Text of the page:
Living together can be scary, there might be a negative side to it, but there are also plenty of positive outcomes when you can finally share a place together. Before doing so, check out the benefits of being in a relationship but not living together, the first thing that came to mind was the word “mystery.”
Perk No. 1: Keeping Romance Alive
Having an air of mystery around you is always part of the romance game. I f you’re not living together, he’ll never know if you left the blow dryer plugged in after using it, or if your bedroom looks like a tornado went through it just because you couldn’t decide what to wear, or that you dropped makeup on the floor but didn’t have time to clean it up. And she’ll never know if you’re always this neat or you just shoved all your stuff under the couch before she came over, or if you typically leave the toilet seat up in the middle of the night.
When you’re in a good relationship, all you want to do is get more of a good thing. You want to make plans and spend as much time together as possible. Sometimes you want to stay over, but a sleepover, even one that lasts for days, is not the same as sharing your space 100% of the time. And it turns out that not just new relationships are enjoying the perks of not living together. Some married couples are doing it too.
There is one growing group of people who choose to be in committed relationships but not live together. They are known as LATs which stands for Living Apart Together. These are committed relationships/marriages where people are faithful, exclusive and dedicated to their relationships but still choose to live apart. An article on www.empowher.com, stated that most LATs would site the benefits of this arrangement as “enjoying a committed and exclusive relationship while still maintaining their independence.”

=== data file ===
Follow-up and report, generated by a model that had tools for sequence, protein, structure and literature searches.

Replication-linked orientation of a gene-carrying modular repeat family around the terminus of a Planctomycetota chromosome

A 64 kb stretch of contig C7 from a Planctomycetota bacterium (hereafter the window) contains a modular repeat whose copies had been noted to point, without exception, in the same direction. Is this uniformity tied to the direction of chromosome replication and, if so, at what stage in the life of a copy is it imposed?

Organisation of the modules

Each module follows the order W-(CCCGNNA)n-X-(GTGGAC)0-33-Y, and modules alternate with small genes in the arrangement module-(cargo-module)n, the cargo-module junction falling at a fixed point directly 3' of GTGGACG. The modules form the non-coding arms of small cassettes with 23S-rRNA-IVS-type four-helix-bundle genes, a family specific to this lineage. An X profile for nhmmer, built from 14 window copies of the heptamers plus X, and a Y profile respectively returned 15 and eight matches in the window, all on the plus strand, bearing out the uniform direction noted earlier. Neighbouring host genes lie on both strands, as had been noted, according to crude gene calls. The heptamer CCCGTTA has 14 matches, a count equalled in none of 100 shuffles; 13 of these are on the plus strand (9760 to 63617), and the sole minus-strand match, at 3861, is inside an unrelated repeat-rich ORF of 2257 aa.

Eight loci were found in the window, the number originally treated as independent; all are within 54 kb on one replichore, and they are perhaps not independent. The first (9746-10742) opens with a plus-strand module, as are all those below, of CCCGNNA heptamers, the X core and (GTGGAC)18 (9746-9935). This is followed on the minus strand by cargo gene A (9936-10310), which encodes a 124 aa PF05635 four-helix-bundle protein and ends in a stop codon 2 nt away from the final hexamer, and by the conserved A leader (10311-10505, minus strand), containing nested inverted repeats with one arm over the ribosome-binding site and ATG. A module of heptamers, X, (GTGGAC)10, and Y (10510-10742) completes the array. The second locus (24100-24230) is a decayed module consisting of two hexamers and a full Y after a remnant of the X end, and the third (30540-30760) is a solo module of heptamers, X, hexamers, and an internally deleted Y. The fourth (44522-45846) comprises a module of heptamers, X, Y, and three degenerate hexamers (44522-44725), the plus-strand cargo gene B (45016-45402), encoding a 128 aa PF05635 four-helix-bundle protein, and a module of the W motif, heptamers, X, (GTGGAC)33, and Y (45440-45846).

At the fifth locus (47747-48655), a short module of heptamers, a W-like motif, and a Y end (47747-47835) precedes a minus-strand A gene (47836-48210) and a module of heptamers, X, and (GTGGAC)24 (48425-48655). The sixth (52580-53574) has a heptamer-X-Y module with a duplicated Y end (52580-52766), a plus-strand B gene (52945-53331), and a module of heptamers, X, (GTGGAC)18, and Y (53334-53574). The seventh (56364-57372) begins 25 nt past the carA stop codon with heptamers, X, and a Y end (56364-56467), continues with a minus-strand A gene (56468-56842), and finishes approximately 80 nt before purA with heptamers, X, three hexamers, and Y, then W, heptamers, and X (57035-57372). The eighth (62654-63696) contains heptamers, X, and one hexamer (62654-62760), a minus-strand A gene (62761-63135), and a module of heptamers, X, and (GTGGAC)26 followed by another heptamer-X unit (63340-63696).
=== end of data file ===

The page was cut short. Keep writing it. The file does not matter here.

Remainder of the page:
Perk No. 3: Being Able to Take a Break
For some people who are older and/or more set in their ways, being a LAT is a great opportunity to have the closeness of a relationship while not giving up their right to be messy, quirky, or whatever they’ve grown to be comfortable with while alone. For younger couples, the reasons are pretty much the same. There are no fights about housecleaning, and when they need a break from being a parent, they can send the kids “next door” to the other parent.
Perk No. 4: Having the Ability to End Things Without Entanglements
Some couples will move in together when they’re planning to get married. Whether they call it a test or not, it basically is a test called, “Can We Live Together Happily Ever After?” If you’re in a solid relationship with a plan to marry, this test can prove whether or not you’re able to cohabitate with your mate. If it works, you set the date and get married and go on living together. If it doesn’t work or if you get married and that doesn’t work, it can be difficult to untangle the mess of mixed finances and co-owned property. And how do you split the dog in two? According to an article in the Huffington Post, this is known to researchers as “relationship inertia.” It’s the result of when “couples [are] emotionally and financially invested in relationships that might have ended had the couple not cohabited.” Not many things in life can be more difficult than living with someone you no longer get along with.
Perk No. 5: Appreciation for Time Spent Together
There’s one saying that can pretty much sum up the perks of not living together, “Absence makes the heart grow fonder.” When you don’t spend every waking moment with a person, you can really grow to miss their company and you can get excited about seeing them again.
Basically, the perks of not living together can be tempting: You can keep the romance alive, you can be independent, you can take a break, you can end things without entanglements (if that’s where it leads) and you can better appreciate the time you get to spend together, but it’s not for everyone.